We think of knowledge in this information age as readily accessible to all. When we see an Internet cafe in a dusty town of South Asia or a satellite dish hooked up to a car battery in the countryside of North Africa, we assume that authoritarian regimes can no longer control the flow of communication. But being hooked up and online may make it easier to know what is happening across the world than to know of events in the next town or district.
In many Muslim regimes, intelligence agencies with their own agendas and presidents who exercise their powers capriciously create a constant state of uncertainty that spreads well beyond the challenge of any one thinker’s ideas or proposed reforms. When the scholar is silenced it is not useless knowledge that is lost: It is the sense that pursuing knowledge, wherever it may be found, is no longer part of the expression of God’s will.
Pressures on intellectual freedom come from many sources.
Throughout much of the Muslim world, university students are among the most ardent fundamentalists, fueled by the literal interpretation of Islam taught at madrassahs (Muslim religious schools). The network of madrassahs in turn links up with religious political parties across national boundaries. In Muslim countries, madrassahs are seen as a legitimate Islamic alternative to unaffordable private schools patronized by the westernized elite.
Professors, particularly in the liberal arts, are often cowed by their own students into silence, both in their teaching and in their writing. Like some postmodernist gone mad, the student of literature may see fiction as nothing but the expression of the writer’s politics, while the science student is not concerned with questioning fundamentals, but with applying technologies to religious and political ends.
The results for intellectuals range from a denial of the finest traditions of open debate to working in an environment of omnipresent threat. (In Islamabad, a professor at a medical college this year was found guilty of blasphemy and sentenced to death, after students complained about him to the local religious leader.) It is impossible to ignore the discrepancy between the Islamic emphasis on knowledge and the questionable climate for scholars and intellectuals in Muslim countries. Great scholars of the past, men like Ibn Khaldun, a 14th-century Arab historian; the 14th- century writer Ibn Battutah; and the 11th-century writer Abu Raihan Muhammad Al-Beruni may have made the rulers of their day uncomfortable, but they continued the Islamic tradition of the pursuit of knowledge for the benefit of all. That such renowned Muslim thinkers might today be placed in a cage or threatened with physical harm undermines the Islamic belief that any person may develop his or her intellect to the fullest, yielding a diminished and alienated sense of Islam itself.
Indeed, knowledge, for Muslims, is integral to justice, for how, from the Muslim perspective, is one to determine what balance is to be struck among alternatives if one lacks the knowledge to assess choices in the first place? How is one to attach oneself to reliable others if there is no way to tell how they comported themselves in other contexts or made use of the other connections they have forged? How, indeed, is one to achieve the Islamic ideal of knowledge if one is not free to inquire, probe, and appraise the world, for which Allah has told the believer he bears responsibility? When Abdus Salam needed to be protected by riot police on his first visit home after winning the Nobel Prize in 1979, when the co-author of this essay, on returning home after a year at the Institute for Advanced Study in Princeton, was asked by a Pakistani general, “Why have you returned home? We don’t need scholars and intellectuals in Pakistan,” when researchers like Professor Ibrahim must risk their freedom to publish a survey of voter sentiment, the loss to ordinary Muslims is far greater than each individual case may appear to suggest.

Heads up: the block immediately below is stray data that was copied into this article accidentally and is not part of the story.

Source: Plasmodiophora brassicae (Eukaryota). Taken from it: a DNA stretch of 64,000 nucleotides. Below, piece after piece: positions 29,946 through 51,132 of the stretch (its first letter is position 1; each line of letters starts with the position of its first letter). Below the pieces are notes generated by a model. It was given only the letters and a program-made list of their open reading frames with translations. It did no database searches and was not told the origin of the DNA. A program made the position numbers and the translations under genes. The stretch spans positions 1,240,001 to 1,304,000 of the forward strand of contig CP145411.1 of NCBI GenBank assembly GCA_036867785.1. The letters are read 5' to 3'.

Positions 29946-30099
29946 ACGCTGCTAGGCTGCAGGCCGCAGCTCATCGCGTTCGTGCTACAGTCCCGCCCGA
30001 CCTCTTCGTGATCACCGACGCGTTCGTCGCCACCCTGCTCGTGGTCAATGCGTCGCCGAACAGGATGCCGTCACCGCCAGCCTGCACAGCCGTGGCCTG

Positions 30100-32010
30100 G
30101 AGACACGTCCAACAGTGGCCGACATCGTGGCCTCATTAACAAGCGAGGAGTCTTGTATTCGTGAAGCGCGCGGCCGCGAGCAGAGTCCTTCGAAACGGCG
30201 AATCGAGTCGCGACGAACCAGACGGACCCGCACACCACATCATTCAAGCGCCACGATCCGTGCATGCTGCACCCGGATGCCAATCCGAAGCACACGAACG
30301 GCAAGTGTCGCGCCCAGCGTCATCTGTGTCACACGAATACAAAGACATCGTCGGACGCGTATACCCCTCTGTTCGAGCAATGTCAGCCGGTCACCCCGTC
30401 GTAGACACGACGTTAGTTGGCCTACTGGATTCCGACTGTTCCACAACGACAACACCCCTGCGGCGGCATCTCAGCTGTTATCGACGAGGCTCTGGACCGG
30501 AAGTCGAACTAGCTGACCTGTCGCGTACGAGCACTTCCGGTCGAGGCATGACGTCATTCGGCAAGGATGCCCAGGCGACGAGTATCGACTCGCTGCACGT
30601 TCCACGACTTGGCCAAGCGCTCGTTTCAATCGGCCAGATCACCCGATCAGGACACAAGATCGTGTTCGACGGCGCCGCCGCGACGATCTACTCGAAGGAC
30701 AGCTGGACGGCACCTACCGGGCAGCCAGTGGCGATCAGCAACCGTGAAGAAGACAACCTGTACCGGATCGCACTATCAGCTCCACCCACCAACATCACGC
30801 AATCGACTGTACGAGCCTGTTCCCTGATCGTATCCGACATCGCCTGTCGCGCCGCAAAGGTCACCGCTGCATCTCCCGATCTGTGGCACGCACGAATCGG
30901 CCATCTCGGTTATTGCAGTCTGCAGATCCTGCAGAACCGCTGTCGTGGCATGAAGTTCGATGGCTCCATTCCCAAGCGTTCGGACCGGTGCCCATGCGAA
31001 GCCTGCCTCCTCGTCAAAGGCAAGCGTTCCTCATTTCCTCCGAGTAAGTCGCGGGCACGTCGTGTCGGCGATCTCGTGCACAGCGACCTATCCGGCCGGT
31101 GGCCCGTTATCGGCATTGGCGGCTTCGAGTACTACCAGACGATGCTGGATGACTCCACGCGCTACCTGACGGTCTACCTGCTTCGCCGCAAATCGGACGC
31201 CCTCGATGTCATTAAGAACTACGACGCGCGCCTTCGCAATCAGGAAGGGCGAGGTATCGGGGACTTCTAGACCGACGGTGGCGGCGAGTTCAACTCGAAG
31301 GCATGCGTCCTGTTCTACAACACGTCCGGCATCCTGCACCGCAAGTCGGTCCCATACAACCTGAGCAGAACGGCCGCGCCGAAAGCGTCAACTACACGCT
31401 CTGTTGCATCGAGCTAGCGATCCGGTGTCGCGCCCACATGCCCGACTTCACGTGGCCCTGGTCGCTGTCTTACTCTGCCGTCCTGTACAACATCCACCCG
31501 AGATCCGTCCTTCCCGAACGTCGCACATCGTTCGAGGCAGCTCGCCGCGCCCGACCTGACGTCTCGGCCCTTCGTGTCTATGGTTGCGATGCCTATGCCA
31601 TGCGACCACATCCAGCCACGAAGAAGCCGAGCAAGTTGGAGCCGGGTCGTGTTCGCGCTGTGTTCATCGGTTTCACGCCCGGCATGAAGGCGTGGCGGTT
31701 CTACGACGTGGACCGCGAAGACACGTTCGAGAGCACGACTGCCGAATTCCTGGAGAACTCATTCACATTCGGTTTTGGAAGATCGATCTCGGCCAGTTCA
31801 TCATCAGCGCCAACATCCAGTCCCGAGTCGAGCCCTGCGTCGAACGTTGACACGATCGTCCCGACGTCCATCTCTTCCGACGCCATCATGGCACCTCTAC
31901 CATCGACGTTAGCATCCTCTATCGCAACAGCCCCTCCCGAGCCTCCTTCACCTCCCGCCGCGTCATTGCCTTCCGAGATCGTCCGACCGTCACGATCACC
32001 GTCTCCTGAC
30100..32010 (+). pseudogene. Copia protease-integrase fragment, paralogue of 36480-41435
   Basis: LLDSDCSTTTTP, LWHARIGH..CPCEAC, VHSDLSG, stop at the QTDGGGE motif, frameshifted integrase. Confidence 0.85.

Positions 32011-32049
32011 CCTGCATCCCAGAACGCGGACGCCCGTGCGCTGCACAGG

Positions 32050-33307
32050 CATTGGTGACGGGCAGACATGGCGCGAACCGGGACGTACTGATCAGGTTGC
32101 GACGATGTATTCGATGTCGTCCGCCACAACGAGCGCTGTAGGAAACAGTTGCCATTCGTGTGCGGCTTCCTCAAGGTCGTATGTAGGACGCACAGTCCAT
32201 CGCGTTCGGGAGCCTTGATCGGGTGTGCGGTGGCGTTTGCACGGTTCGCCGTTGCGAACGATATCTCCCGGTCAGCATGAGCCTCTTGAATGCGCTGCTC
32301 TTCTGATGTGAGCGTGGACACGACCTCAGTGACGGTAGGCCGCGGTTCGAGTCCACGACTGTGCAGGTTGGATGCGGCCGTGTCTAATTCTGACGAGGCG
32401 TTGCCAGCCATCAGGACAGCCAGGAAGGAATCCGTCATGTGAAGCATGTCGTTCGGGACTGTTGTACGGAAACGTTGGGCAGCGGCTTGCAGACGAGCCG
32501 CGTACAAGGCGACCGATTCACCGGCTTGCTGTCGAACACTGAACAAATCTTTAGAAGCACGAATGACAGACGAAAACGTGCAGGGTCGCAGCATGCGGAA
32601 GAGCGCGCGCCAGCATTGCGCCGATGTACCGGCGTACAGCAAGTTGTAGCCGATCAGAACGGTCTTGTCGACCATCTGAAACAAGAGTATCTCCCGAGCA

What was once an occasional event—silencing scholars—increasingly has become a way of life in most Muslim countries. Along with the appearance of open information—access to e-mail and the Internet, for example—in Muslim countries like Egypt and Indonesia has come a more intense denial of intellectual freedom than at any time in recent history. Large numbers of the educated middle class are trying to leave, or have already left, their home countries.
Their exit further weakens the equation of knowledge and Islamic virtue, leaving the field to those, like the followers of Osama bin Laden, who see injustice, but have stilled or lost the voices that could assess it in terms both objective and Islamic. The prophet Muhammad said, “The death of a scholar is the death of the universe.” And the president of the American University of Beirut, Malcolm Kerr, gunned down in his office in 1984, once wrote: “If ideas are not available to shape events, then by default events will shape ideas, in keeping with their own unplanned and, perhaps, grotesque course.” At a time when it is easy to ignore intellectual freedom while concentrating on combating terrorism, we must remember that only when Muslims have a full range of options freely and openly available to them can creative alternatives to extremism be entertained; only when we in the West support the same openness of thought in the Muslim world that we expect in our own societies can the hopes of ordinary people for improvement in their lives become the basis for a common bond. Saad Ibrahim remains behind bars in Egypt, the quiet American pressures to gain his release obscured by the needs of momentary alliance with that country’s government.
If Ibrahim and others like him are, like truth itself, further casualties of a war on terrorism, the victory that will be gained will only fertilize the seeds of perpetual disaffection in Muslim countries and reinforce the image that Westerners are not concerned with freedom except for their own citizens. Meanwhile the lack of clarity and stability in Muslim society will further encourage those who interpret Islam to mean violence and anarchy.
This article first appeared in the November 2001 issue of The Chronicle of Higher Education.
Akbar Ahmed is a professor of Islamic studies at American University, a former high commissioner of Pakistan to the United Kingdom (1999-2000), and the author, most recently, of Islam Today: A Short Introduction to the Muslim World (I.B. Tauris, 1999).
Lawrence Rosen is the chairman of the anthropology department at Princeton University, an adjunct professor of law at Columbia Law School, and the author, most recently, of The Justice of Islam (Oxford University Press, 2000).
Reprinted in TAM with permissioin of Akbar Ahmed